United States District Court, S.D. Illinois
MEMORANDUM AND ORDER
PHIL GILBERT DISTRICT JUDGE UNITED STATES DISTRICT COURT
Joseph Decker, who is currently detained at Randolph County
Jail (“Jail”), brings this action pursuant to 28
U.S.C. § 1331 and Bivens v. Six Unknown Named
Agents, 403 U.S. 388 (1971). (Doc. 1). In the Complaint,
Plaintiff claims that his constitutional rights were violated
when a Waterloo Police Department officer sexually harassed
him at Monroe County Jail. (Doc. 1, p. 5). Plaintiff seeks
monetary damages against Officer Zabor and several other
officials at Monroe County Jail. (Doc. 1, p. 6).
Complaint is now subject to screening under 28 U.S.C. §
1915A, which provides:
(a) Screening - The court shall review,
before docketing, if feasible or, in any event, as soon as
practicable after docketing, a complaint in a civil action in
which a prisoner seeks redress from a governmental entity or
officer or employee of a governmental entity.
(b) Grounds for Dismissal - On review, the
court shall identify cognizable claims or dismiss the
complaint, or any portion of the complaint, if the complaint-
(1) is frivolous, malicious, or fails to state a claim on
which relief may be granted; or
(2) seeks monetary relief from a defendant who is immune from
action or claim is frivolous if “it lacks an arguable
basis either in law or in fact.” Neitzke v.
Williams, 490 U.S. 319, 325 (1989). Frivolousness is an
objective standard that refers to a claim that any reasonable
person would find meritless. Lee v. Clinton, 209
F.3d 1025, 1026-27 (7th Cir. 2000). An action fails to state
a claim upon which relief can be granted if it does not plead
“enough facts to state a claim to relief that is
plausible on its face.” Bell Atlantic Corp. v.
Twombly, 550 U.S. 544, 570 (2007). The claim of
entitlement to relief must cross “the line between
possibility and plausibility.” Id. at 557. At
this juncture, the factual allegations of the pro se
complaint are to be liberally construed. See Rodriguez v.
Plymouth Ambulance Serv., 577 F.3d 816, 821 (7th Cir.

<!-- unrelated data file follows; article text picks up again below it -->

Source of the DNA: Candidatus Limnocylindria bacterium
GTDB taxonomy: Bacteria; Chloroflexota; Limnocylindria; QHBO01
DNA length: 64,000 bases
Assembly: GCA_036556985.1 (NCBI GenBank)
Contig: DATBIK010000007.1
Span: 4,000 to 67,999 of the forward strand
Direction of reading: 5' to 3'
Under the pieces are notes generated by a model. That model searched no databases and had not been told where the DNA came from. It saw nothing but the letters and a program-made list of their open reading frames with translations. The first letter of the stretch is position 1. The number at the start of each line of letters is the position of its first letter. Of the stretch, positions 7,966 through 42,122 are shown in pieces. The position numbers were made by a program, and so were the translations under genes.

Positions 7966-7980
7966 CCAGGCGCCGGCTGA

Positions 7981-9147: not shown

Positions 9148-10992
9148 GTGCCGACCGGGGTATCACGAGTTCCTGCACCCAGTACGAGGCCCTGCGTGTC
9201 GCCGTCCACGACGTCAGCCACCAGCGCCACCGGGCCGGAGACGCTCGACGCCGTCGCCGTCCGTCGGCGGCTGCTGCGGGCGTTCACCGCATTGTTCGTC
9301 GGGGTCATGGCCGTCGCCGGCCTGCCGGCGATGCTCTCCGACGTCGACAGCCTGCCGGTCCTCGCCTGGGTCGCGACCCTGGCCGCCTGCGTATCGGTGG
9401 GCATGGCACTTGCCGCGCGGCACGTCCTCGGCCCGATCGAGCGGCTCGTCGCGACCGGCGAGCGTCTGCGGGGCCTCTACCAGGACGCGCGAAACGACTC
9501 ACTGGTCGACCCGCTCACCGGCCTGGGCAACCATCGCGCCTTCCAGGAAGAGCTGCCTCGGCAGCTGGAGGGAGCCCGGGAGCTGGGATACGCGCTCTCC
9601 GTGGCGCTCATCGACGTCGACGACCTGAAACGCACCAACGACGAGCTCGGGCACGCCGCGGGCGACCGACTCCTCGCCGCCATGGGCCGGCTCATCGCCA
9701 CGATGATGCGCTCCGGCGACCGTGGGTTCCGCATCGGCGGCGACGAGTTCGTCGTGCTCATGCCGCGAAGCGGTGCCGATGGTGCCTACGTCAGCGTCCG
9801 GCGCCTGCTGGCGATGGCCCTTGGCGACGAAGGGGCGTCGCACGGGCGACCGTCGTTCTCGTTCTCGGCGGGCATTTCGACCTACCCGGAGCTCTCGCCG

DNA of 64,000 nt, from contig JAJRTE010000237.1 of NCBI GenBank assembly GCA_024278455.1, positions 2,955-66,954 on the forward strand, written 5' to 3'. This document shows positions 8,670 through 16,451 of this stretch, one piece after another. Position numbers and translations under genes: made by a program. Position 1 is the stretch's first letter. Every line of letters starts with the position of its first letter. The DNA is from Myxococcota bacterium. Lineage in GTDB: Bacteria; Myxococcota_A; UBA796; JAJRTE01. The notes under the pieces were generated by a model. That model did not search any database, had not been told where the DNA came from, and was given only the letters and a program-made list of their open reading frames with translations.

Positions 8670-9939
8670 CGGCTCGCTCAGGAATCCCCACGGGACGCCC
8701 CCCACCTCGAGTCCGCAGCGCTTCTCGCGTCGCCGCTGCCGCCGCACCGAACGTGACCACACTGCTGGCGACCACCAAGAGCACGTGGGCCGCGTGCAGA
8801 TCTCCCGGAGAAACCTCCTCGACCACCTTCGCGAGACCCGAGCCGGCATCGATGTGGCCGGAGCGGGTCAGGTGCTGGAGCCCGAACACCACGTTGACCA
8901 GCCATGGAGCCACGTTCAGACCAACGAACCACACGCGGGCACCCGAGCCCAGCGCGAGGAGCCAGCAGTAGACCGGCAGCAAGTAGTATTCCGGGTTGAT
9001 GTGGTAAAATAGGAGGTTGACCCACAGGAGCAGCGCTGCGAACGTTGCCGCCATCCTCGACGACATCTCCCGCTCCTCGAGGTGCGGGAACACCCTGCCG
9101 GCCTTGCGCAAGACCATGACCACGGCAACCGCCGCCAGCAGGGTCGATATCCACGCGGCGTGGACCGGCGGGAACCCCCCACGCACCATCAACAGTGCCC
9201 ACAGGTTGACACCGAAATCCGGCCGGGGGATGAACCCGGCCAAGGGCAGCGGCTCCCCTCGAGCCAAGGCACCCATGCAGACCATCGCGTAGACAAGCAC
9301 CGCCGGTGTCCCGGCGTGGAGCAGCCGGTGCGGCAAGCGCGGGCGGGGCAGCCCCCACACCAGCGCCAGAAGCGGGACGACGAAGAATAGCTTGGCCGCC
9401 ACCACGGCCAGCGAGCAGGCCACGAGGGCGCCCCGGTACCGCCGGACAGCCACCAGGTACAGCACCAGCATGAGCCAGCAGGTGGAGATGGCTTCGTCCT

Complaint, Plaintiff alleges that he was harassed on a single
occasion by Officer Eric Zabor, who is employed by the
Waterloo Police Department. (Doc. 1, p. 5). On March 21,
2018, Officer Zabor served Plaintiff with a federal
indictment at Monroe County Jail. Id. After
completing service of the indictment on Plaintiff, Officer
Zabor grabbed his own “private area in a very sexual
way” and told Plaintiff that he “would be fucking
[him] real soon.” Id. Plaintiff describes
Officer Zabor as the “main officer” involved in
his case. Id. A Waterloo Police Department
Citizen's Complaint Form submitted along with the
Complaint identifies Officers “Ben” and
“Mason” as witnesses to the incident. (Doc. 1, p.
following day, Plaintiff was given a bond reduction at a
hearing in Monroe County. (Doc. 1, p. 8). When he returned to
the Jail, Plaintiff learned that State's Attorney Chris
Hitzemann had contacted the Jail and instructed the officers
“not to let [Plaintiff] make bail” because of a
“federal hold.” Id. The Jail supervisor
later informed Plaintiff that there was no federal hold, and
he was “free to make bail.” Id.
now brings a claim against Officer Zabor for sexual
harassment and against State's Attorney Hitzemann for
unspecified constitutional violations. (Doc. 1, p. 5). He
seeks monetary relief that includes reimbursement for the
cost of “any medical bills for therapy or
counseling.” (Doc. 1, p. 6). In the Complaint, he also
names three other Monroe County Jail officials as defendants,
including C/O Kelly, C/O Mason, and Sheriff Rohlfing. (Doc.
1, p. 1).
Court deems it appropriate to organize the pro se
Complaint into the following enumerated count to facilitate
the orderly management of future proceedings in this case and
in accordance with the ...